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Budget Information

Why Budget?
A budget is the most fundamental and most effective financial management tool available to anyone. Yes, anyone—whether you are earning thousands of dollars a year, or hundreds of thousands of dollars. It is extremely important to know how much money you have to spend, and where you are spending it. Yes, some of your "spending" might be for investments, but there is an important distinction between creating a personal budget and deciding where to invest your extra income. A budget is the first and most important step towards maximizing the power of your money.

What is in it for you?
Just about everything. A carpenter would never start work on a new house without a blueprint. An aerospace firm would never begin construction on a new rocket booster without a detailed set of design specifications. Yet many of us find ourselves in the circumstance of getting out on our own and making, spending, and investing money without a plan to guide us. Budgeting is about planning. And planning is crucial to produce a desired result.

What is a budget?

A budget is a money plan. With it, you can organize and control your financial resources, set and realize goals, and decide in advance how your money will work for you. A budget can be as simple as it is powerful.

Seven Benefits of Budgeting
So what benefits, specifically, can you expect if you set up a budget? Naturally, the answer to this question will be different for everyone. But here are some of the most common benefits that people see when they start a budget:

  1. Know what is going on. Personal budgeting allows you to know exactly how much money you have—even down to the penny, if you so desire. Furthermore, a budget is a self-education tool that shows you how your funds are allocated, how they are working for you, what your plans are for them, and how far along you are toward reaching your goals. That leads us to our next benefit.
  2. Control. A budget is the key to enabling you to take charge of your finances. With a budget, you have the tools to decide exactly what is going to happen to your hard-earned money—and when. You can be in control of your money, instead of having your money limit what you do.
  3. Organization. Even in its simplest form, a budget systematizes, or divides, funds into categories of expenditures and savings. Beyond that, however, budgets can provide further organization by automatically providing records of all your monetary transactions. They can also provide the foundation for a simple filing system to organize bills, receipts, and financial statements.
  4. Communication. If you are married, have a family, or share money with anyone, having a budget that you both (or all) create together is a key to resolving personal differences about money handling. The budget is a communication tool to discuss the priorities for where your money should be spent, as well as enabling all involved parties to "run" the system.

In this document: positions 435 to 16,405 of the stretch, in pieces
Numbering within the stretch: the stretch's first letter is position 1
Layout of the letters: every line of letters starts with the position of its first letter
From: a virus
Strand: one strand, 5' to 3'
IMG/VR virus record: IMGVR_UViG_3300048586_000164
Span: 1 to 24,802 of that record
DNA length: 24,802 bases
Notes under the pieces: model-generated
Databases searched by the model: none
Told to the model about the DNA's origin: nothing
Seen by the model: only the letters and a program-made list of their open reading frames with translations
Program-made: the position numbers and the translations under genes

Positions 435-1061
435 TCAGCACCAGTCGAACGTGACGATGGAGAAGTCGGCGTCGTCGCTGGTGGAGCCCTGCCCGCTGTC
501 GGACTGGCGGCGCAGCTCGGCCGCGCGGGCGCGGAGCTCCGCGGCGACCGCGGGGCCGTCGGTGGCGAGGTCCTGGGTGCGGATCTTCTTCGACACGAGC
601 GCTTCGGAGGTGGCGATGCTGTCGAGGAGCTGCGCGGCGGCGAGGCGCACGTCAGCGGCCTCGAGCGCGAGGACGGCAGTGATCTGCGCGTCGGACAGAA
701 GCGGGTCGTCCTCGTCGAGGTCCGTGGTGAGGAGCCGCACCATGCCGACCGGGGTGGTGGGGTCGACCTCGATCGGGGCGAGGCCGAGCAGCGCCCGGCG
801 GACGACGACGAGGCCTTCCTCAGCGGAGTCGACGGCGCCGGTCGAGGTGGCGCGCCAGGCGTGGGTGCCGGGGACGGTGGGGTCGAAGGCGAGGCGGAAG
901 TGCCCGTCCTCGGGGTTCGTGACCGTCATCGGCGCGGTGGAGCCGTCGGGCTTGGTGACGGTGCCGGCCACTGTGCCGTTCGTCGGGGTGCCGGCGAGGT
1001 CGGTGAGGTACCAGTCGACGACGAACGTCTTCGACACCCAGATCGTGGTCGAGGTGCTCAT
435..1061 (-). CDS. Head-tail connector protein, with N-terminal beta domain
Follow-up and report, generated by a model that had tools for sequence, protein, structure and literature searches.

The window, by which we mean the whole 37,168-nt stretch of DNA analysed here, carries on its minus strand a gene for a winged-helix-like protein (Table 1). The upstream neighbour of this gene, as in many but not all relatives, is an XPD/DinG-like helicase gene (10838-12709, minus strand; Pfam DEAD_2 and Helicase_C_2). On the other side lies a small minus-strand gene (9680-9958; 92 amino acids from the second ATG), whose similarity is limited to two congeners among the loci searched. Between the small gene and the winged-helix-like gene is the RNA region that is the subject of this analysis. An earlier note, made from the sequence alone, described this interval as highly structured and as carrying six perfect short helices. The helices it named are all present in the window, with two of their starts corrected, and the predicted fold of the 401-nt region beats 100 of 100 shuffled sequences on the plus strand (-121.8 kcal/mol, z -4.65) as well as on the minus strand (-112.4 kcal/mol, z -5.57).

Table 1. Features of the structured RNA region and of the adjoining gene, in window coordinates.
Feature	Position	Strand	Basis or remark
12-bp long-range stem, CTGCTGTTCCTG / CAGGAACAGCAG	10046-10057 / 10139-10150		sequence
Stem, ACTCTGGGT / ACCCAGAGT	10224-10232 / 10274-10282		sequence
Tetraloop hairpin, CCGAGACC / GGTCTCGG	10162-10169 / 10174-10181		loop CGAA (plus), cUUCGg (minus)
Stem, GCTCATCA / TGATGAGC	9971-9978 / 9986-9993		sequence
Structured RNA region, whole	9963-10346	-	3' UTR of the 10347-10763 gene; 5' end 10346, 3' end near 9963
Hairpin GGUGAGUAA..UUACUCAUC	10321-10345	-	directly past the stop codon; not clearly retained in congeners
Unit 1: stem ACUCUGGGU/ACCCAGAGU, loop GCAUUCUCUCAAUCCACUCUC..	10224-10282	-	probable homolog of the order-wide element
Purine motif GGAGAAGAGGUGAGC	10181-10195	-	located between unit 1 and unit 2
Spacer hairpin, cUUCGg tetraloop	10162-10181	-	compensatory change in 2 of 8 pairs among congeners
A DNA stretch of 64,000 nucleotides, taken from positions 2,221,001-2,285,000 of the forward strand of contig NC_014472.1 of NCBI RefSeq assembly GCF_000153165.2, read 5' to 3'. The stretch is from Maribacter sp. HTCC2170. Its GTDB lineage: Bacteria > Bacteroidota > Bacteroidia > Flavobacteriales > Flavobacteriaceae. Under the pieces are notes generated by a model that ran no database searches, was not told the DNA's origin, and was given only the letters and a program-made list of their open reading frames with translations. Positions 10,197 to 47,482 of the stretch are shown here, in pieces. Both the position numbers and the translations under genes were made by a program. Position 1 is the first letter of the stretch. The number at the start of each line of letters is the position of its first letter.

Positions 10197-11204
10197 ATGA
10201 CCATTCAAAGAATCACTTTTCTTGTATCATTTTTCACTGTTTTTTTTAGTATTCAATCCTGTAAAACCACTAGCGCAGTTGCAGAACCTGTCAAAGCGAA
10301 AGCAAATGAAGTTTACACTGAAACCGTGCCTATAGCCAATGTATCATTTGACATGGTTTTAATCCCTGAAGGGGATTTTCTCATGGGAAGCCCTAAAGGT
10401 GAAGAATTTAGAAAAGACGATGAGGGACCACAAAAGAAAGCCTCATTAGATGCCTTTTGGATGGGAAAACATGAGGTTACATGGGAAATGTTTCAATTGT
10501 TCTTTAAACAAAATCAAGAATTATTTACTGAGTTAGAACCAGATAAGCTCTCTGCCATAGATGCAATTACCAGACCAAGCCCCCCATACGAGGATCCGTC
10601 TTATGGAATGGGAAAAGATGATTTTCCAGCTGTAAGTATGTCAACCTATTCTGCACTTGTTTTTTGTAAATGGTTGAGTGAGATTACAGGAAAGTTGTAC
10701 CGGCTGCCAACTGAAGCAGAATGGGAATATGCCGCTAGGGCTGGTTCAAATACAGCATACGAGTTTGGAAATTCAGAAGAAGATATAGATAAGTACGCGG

5. Take advantage of opportunities. Knowing the exact state of your personal monetary affairs, and being in control of them, allows you to take advantage of opportunities that you might otherwise miss. Have you ever wondered if you could afford something? With a budget, you will never have to wonder again—you will know.
  6. Extra time. All your financial transactions are automatically organized for tax time, for creditor questions, in fact, for any query, which may come up regarding how and when, you spent money. Being armed with such information sure saves time digging through old records.
  7. Extra money. This might well be everyone's favorite benefit. A budget will almost certainly produce extra money for you to do with as you wish. Hidden fees and lost interest paid to outsiders can be eliminated forever. Unnecessary expenditures, once identified, can be stripped out. Savings, even small ones, can be accumulated and made to work for you.

Think of your budget as a planning device, a means of setting and reaching your goals. You project future expenditures (including savings), record them when they're made, and see whether your projections were good. If they aren't, you make modifications on your planning or spending whichever is out of line.

Techniques for Successful Budgeting


  • Learn to do simple repairs yourself
  • Do your own decorating
  • Lower the thermostat at night
  • Plan meals to use minimum food
  • Use lights only when necessary
  • Give up all unnecessary services on your telephone


  • Determine your savings goals
  • Be willing to compromise
  • Use payroll deduction for savings
  • Save on a regular basis: Pay yourself first
  • Alter your spending habits


  • Pack a lunch as often as possible
  • Cut down on meals away from home
  • Purchase generic or store brand food
  • Grow a garden
  • Use leftovers
  • Limit food shopping to once a week
  • Make a grocery list and use it!


  • Get rid of one car
  • Consider moving closer to work
  • Drive small cars that cost less to operate
  • Do your own oil changes, etc.


  • Buy clothing that is washable
  • Hang clothes on clothesline instead of using dryer
  • Mend clothes yourself
  • Have children change into play clothes
  • Buy off season when prices are drastically reduced

Child Care:

  • Investigate government or church operated nursery
  • Share child care responsibilities with a friend or neighbor

Gifts and Donations:

  • Make gifts instead of buying them
  • Give of your time instead of money

Recreational and Entertainment:

  • Do family things that are inexpensive
  • Take vacations at home
  • Use public parks and picnic areas
  • Eliminate cable TV
  • Use a free internet provider


  • Select cosmetics that are reasonably priced
  • Select a hairdresser that is reasonable priced
  • Wear a hairstyle that requires little maintenance